Candidates drool over Rubio [VIDEO]

Alexis Levinson Political Reporter
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Gingrich, Romney and Santorum candidates drooled all over the stage at Thursday’s Florida debate as they sang the praises of Florida Senator Marco Rubio, and indicated that he was near the top of their list for a vice president.

Asked by an audience member which Hispanic leaders the candidates saw in their cabinets, they jumped at the opportunity.

“Well I mean I hate to throw one to Florida, but obviously your Senator Marco Rubio is a pretty impressive guy,” said former Pennsylvania Senator Rick Santorum, to massive applause.

Newt Gingrich was more direct.

“When you say cabinet, I think for example of Susana Martinez, the Governor of New Mexico, [Florida Rep.] Ileana Ros-Lehtinen,” Gingrich said. “I actually thought of Marco Rubio for being in a slightly more dignified and central roll than being in the cabinet, but that’s another conversation.”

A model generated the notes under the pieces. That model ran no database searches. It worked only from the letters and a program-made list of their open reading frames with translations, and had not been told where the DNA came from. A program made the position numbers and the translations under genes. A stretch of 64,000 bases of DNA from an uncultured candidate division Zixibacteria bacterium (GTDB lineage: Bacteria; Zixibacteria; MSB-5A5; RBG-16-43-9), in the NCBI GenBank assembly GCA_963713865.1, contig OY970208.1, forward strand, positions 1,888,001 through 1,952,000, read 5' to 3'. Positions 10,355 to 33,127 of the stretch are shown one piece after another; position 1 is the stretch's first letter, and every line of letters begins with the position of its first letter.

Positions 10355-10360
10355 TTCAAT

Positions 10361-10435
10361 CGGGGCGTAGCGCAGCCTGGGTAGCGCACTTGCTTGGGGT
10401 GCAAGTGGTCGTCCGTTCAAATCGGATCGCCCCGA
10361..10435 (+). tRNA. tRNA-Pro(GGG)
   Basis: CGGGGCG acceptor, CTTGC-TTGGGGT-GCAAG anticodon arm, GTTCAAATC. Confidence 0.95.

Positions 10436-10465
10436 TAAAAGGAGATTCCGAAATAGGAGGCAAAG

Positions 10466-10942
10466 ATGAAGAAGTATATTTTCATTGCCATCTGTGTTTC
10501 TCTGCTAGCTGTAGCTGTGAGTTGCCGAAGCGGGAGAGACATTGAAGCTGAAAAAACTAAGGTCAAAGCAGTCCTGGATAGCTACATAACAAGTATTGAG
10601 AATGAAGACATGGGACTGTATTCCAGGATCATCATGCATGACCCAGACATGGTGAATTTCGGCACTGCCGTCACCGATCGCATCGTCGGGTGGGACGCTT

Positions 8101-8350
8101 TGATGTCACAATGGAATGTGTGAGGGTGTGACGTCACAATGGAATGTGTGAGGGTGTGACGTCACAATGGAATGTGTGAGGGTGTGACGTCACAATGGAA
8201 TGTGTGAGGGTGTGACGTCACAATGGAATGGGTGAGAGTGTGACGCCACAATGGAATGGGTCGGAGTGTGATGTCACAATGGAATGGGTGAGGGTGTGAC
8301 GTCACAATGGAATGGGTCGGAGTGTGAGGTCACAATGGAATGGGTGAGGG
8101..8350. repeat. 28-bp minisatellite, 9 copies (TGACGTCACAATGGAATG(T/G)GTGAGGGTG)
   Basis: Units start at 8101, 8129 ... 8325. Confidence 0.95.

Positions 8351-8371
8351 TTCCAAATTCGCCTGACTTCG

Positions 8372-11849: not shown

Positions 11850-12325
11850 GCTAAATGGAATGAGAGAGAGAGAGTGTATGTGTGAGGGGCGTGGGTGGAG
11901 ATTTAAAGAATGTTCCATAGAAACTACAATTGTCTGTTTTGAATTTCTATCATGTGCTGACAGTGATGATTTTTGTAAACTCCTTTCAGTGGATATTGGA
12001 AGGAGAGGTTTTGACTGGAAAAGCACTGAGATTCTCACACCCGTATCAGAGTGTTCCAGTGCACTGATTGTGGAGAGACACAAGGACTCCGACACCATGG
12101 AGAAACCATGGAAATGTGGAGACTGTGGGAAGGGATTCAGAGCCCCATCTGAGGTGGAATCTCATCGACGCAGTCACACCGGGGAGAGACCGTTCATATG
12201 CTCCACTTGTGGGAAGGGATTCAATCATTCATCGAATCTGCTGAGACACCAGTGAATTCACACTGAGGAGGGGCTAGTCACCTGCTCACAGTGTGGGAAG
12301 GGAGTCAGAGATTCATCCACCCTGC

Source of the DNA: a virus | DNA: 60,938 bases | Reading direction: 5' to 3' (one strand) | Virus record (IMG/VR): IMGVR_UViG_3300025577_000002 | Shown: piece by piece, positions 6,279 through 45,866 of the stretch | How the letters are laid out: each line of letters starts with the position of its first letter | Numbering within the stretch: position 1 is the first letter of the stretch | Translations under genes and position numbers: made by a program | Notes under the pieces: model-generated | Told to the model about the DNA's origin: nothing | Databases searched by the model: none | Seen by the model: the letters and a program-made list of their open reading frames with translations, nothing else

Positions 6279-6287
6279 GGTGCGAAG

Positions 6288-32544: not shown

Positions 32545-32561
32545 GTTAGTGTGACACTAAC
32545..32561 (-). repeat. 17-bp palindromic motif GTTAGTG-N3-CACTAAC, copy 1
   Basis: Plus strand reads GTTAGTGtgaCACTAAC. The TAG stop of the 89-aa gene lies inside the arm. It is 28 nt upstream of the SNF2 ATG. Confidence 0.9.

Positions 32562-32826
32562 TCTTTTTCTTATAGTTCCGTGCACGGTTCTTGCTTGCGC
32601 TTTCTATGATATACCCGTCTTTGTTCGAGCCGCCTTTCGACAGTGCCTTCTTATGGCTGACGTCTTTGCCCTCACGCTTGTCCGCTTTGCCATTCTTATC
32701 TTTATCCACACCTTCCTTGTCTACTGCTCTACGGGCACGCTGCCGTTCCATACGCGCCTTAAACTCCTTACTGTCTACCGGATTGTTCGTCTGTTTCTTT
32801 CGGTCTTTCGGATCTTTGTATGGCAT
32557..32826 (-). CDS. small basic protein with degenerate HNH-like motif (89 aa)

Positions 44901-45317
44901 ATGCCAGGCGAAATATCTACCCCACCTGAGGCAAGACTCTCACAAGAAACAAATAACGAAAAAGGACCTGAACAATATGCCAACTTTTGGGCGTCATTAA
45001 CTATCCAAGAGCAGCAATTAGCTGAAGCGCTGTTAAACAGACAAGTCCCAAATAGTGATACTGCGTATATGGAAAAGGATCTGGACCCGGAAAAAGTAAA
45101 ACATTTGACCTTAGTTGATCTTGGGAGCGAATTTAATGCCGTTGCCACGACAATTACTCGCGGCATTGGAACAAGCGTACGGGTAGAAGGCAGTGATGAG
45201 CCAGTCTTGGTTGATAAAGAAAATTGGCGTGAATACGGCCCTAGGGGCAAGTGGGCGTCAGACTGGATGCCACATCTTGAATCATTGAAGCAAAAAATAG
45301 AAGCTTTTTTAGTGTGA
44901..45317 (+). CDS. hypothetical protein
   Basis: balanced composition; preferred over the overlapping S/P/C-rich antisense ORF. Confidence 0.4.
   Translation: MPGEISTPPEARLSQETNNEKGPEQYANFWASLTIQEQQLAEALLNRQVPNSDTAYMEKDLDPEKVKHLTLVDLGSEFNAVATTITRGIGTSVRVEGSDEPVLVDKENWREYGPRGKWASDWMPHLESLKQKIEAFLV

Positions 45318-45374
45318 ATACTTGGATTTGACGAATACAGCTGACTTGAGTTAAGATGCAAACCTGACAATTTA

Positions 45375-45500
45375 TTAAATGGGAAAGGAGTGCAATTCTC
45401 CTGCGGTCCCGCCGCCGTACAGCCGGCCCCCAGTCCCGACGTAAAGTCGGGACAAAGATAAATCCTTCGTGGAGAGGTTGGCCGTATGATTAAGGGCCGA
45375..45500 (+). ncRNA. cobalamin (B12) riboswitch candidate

Romney managed to drop eight names in his answer: Nevada Governor Brian Sandoval, Gov. Susana Martinez, Ros-Lehtinen, former Senator Mel Martinez, Rep. Mario Diaz Balart, and his brother, former Rep. Lincoln Diaz Balart, Carlos Guiterrez, former Secretary of Commerce, and Rubio, who he called “a terrific Hispanic American.”

Mel Martinez, it should be noted, co-sponsored the DREAM Act.

“These members can form membership in our cabinet, I believe, and potentially, as the Speaker indicates, some other positions as well,” Romney concluded.

Ron Paul, in his classic style, declined to sing anyone’s praises and said that what matters was the issues, not the person.

“I don’t have one particular name that I’m going bring up, but my litmus test would be to individuals, Hispanic or otherwise, to understand monetary policy and understand the system,” said Paul. “But also the Hispanic community is especially attuned to the foreign policy of nonintervention, and they are more opposed to war than other communities, so I would think there’s plenty in the Hispanic community could give me good advice and an understanding of why a nonintervention foreign policy is very attractive to the Hispanic people.”

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Alexis Levinson